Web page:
Meeting a friend in a corridor, Wittgenstein said: ‘Tell me, why do people always say it was natural for men to assume that the sun went round the earth, rather than that the earth was rotating?’ His friend said, ‘Well, obviously, because it just looks as if the sun is going round the earth.’ To which the philosopher replied, ‘Well, what would it have looked like if it had looked as if the earth was rotating?’
Quoted in Derek Gregory, Ideology, Science and Human Geography, 1978
Ideology, Science and Human Geography was the first book I knew I didn’t understand and not coincidentally the first book I ever purchased for myself on my meagre grant funds.* We had been assigned it as third years by Gerry Kearns, Gregory’s own student at Cambridge (and teller of embarrassing stories about DG).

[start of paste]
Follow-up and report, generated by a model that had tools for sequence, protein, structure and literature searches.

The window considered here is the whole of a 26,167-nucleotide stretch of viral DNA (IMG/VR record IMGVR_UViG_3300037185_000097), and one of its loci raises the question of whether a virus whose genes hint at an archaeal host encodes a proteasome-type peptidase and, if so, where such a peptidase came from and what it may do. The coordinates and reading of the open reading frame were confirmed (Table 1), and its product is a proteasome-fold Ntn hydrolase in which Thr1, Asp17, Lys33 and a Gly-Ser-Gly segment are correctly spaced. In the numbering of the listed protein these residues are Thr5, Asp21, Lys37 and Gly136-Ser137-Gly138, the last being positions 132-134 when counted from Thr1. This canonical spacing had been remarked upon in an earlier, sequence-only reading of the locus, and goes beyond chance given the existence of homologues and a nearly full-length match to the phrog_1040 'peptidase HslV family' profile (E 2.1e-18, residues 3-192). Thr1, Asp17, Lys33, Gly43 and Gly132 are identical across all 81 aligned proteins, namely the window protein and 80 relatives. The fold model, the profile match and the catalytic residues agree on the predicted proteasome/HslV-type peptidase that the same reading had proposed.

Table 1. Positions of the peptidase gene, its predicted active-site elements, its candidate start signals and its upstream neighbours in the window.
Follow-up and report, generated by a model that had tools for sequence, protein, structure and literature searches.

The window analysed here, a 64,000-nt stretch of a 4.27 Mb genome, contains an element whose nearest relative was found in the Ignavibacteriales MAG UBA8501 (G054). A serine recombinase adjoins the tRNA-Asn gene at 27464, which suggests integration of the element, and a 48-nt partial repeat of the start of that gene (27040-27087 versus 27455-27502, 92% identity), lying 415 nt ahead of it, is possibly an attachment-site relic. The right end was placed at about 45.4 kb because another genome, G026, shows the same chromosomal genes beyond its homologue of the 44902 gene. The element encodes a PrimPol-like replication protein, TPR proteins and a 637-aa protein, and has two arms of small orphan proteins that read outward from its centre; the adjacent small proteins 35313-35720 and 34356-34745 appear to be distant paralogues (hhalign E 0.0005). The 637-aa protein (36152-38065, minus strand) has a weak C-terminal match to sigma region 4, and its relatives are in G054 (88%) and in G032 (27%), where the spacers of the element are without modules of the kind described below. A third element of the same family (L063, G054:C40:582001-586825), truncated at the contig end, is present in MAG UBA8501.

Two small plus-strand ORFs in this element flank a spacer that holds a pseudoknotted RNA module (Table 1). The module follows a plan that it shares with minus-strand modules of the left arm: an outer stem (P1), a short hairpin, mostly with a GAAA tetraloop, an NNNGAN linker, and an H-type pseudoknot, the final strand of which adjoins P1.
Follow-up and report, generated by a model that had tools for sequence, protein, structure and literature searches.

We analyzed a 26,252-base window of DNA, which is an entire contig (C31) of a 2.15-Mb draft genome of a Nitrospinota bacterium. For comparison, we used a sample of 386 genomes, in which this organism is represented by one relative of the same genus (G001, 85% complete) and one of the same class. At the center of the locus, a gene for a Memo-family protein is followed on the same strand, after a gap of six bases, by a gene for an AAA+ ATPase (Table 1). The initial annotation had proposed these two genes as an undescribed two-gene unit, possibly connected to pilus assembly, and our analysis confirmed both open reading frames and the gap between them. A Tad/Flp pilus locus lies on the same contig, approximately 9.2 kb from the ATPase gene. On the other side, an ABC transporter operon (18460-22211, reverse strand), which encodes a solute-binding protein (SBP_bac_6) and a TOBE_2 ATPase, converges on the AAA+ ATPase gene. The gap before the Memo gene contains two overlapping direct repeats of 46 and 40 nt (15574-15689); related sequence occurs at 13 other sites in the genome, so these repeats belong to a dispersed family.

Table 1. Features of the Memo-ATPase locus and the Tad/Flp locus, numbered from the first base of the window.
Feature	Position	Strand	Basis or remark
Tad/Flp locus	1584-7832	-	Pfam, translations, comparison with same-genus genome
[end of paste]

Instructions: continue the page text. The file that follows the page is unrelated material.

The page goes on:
I’ve always loved this quote and the fact the DG starts with scenes from Fowles’ French Lieutenants’s Woman. The contrast between the certitudes of positivism and the ambiguity and multitudinous interpretations of the novel both confirmed and deepened my interest in nonpositivist approaches which continue to this day.
Several years later DG visited our department while I was in grad school and again gave a series of powerful and thoughtful lectures (though a bit too entranced at the time with Sayer’s realism). This visit (and several others) was due to the incredibly generous and much-missed Peter Gould.
IS&HG was featured as a revisited classic in PiHG in 1993.
*And I still have it, though for many years it was possessed by John Krygier, but he kindly gave it back to me.